Last month, the Palo Alto Networks threat research team, Unit 42, sat down with Fuel for a Q&A webinar on the notorious "Scarlet Mimic" campaign. This series of attacks, targeting human rights activitists, as well as orgnaizations with knowledge about these groups, proved to be a long-standing, highly-complex cyberespionage campaign.
Dig deeper with Unit 42 as they answer even more of your questions about this campaign, including how long it took to plan this kind of attack and why organizations may have been so succeptible.
If you missed the webinar, log in and check out the recording in the resource center. Not a Fuel member? Join today for free to access this and other resources.
You mentioned during the webcast that this appears to be a well-funded, organized, and long term effort. How long do you think it takes to plan this kind of attack before any efforts are launched?
Our data points don’t give us the level of detail we’d need to make an accurate assessment on how long it takes them to plan an attack. However, Scarlet Mimic does use timely lures often taken directly from news sites or sites frequented by their targets, or sometimes compromise those sites themselves to serve malware. The malware compile times post the TrendMicro paper in 2013 that first publicly discussed this activity roughly average every two months – though that is not exact. In one case, the decoy document was from a news story published thesame day as the attack. As the group relies largely on older vulnerabilities or self-extracting (SFX) RAR archivesthat use the Right-to-Left Override character to mask the true file extension, it’s possible the malware development cycle is somewhat independent of when attacks are launched, in favor of timely lures that give the actors a higher likelihood their victims open the malicious file.
The individuals responsible for these attacks used several different attack techniques, including spear phishing, which is similar to the approach used in the Lotus Blossom campaign that was uncovered in June 2015. Why do you think this type of attack is so common?
It’s so common because it is easy and it works. Spear phishing is one of the most common attack vectors across not only APT campaigns but also crimeware and ransomware. It can be the easiest way into a network or desired user system without additional technical requirements outside the malware (which in some cases can be bought online or freely downloaded). For example, it’s much easier if I want illegal access to your network or system to send you a malicious attachment or link via email and hope you click it (or that at least someone in your organization does) than to try to hack either your system or the network directly. Even if the spear phish is detected it likely will just be deleted without further action. But if I’m caught hacking into your system or network, that ensures a reaction from a security team that will look for malware and other illegal access or credential abuse. Attempting to hack in also leaves me as the attacker vulnerable to the possibility of a host of other perimeter and defense-in-depth defenses spear phishing does not. Spear phishing is easy and low risk to the attacker.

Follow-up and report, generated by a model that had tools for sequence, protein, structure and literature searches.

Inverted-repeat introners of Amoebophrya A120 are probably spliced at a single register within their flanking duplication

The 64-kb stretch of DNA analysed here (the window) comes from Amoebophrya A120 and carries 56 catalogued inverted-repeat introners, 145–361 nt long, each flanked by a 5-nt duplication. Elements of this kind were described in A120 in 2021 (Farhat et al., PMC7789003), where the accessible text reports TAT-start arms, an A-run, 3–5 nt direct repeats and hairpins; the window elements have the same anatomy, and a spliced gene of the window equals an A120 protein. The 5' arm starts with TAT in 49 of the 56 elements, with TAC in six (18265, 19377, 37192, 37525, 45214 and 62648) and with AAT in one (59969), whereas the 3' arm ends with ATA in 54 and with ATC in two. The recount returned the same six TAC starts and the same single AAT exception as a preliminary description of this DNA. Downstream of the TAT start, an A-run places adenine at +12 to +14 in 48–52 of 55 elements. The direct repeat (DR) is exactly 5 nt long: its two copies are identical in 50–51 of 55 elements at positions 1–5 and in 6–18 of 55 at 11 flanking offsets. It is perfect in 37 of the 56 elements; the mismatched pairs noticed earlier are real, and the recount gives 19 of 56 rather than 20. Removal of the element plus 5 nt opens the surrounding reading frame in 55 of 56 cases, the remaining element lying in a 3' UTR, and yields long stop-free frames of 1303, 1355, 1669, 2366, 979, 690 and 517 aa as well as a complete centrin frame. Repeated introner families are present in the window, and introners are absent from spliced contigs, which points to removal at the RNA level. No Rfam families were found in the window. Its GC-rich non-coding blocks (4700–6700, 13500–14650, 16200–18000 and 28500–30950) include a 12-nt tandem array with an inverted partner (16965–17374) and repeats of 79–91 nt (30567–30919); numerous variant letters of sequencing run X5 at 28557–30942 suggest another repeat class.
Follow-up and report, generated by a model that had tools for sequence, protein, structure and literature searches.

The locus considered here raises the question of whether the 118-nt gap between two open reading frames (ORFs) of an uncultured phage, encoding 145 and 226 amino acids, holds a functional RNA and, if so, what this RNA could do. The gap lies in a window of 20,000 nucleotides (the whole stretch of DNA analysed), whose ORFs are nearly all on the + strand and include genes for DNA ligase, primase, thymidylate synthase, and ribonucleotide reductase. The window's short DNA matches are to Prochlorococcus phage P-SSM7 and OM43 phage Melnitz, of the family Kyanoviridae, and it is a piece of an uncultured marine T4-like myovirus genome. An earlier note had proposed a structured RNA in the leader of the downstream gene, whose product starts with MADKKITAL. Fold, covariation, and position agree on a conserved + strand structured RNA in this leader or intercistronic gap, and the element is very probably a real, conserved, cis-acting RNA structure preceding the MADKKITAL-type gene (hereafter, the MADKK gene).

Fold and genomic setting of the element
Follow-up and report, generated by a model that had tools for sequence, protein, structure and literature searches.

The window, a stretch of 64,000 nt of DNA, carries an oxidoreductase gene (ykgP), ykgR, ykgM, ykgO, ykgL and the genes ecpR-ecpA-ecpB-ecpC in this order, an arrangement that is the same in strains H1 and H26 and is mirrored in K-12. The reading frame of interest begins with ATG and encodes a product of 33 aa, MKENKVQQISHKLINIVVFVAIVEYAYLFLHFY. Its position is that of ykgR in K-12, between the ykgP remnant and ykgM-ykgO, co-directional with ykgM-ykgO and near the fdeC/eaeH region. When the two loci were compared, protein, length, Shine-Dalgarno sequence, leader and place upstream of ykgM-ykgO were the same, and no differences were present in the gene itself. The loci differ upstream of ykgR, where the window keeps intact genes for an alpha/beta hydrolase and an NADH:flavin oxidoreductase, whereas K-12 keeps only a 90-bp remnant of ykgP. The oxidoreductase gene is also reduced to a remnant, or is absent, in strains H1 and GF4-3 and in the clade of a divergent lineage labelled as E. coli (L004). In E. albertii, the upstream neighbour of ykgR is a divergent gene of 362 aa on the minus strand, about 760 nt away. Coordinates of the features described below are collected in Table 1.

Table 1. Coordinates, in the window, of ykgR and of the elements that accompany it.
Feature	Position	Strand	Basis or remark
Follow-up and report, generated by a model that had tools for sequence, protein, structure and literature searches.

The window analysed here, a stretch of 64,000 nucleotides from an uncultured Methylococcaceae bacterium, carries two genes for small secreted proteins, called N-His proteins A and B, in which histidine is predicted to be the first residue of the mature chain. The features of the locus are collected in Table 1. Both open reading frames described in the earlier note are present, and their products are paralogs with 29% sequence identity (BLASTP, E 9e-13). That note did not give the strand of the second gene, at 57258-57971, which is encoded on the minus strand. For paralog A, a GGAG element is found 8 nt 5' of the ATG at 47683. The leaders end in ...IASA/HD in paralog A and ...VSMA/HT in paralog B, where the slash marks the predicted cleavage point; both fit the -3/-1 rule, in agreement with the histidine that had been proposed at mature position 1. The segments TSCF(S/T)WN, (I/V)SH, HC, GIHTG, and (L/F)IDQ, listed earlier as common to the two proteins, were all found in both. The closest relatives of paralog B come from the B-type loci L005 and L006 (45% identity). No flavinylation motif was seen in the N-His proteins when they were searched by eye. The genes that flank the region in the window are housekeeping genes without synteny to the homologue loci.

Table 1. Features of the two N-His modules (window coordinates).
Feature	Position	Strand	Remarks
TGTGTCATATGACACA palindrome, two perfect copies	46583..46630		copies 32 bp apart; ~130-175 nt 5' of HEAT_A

A lot of the successful attacks in this campaign are from well-known malware and exploits; why are organizations still so susceptible to known threats?
Because, for a variety of reasons, not all organizations, or individuals, are running fully patched systems or have large budgets, or any budget, for IT. Even if the system is patched and has other security in place, as we noted in the blog Scarlet Mimic has used self-extracting (SFX) RAR archives that use the Right-To-Left Override character to mask the true file extension – so the victim might think they’re opening a Microsoft Word document but are in fact opening an executable file. That’s why there is such focus on user awareness and training surrounding suspicion of unsolicited, unexpected, or an email that just doesn’t seem “right”. It’s better to take the extra few minutes to investigate the email or forward the attachment to a security team – or if you don’t have a security team upload to a free service such as VirusTotal and see if it’s deemed malicious. It’s not 100% accurate, but it helps. The best approach would be fully patched systems and a security device ecosystem such as what our products afford. I hope as the press around this grows, and the knowledge of the populace in general about these type of threats grows, it’ll force malicious actors to work harder. Zero days aren’t most companies’ or people’s greatest threat – it’s opening malicious documents or clicking malicious links sent via spear phishing.
What can Fuel members learn from the Scarlet Mimic investigation that they should apply to their own organizations?
The awareness they need security in place to mitigate malicious emails to stop them getting through to users, and if they do get through to have other security in place that can detect and stop malicious activity. Our product ecosystem is a great example of this.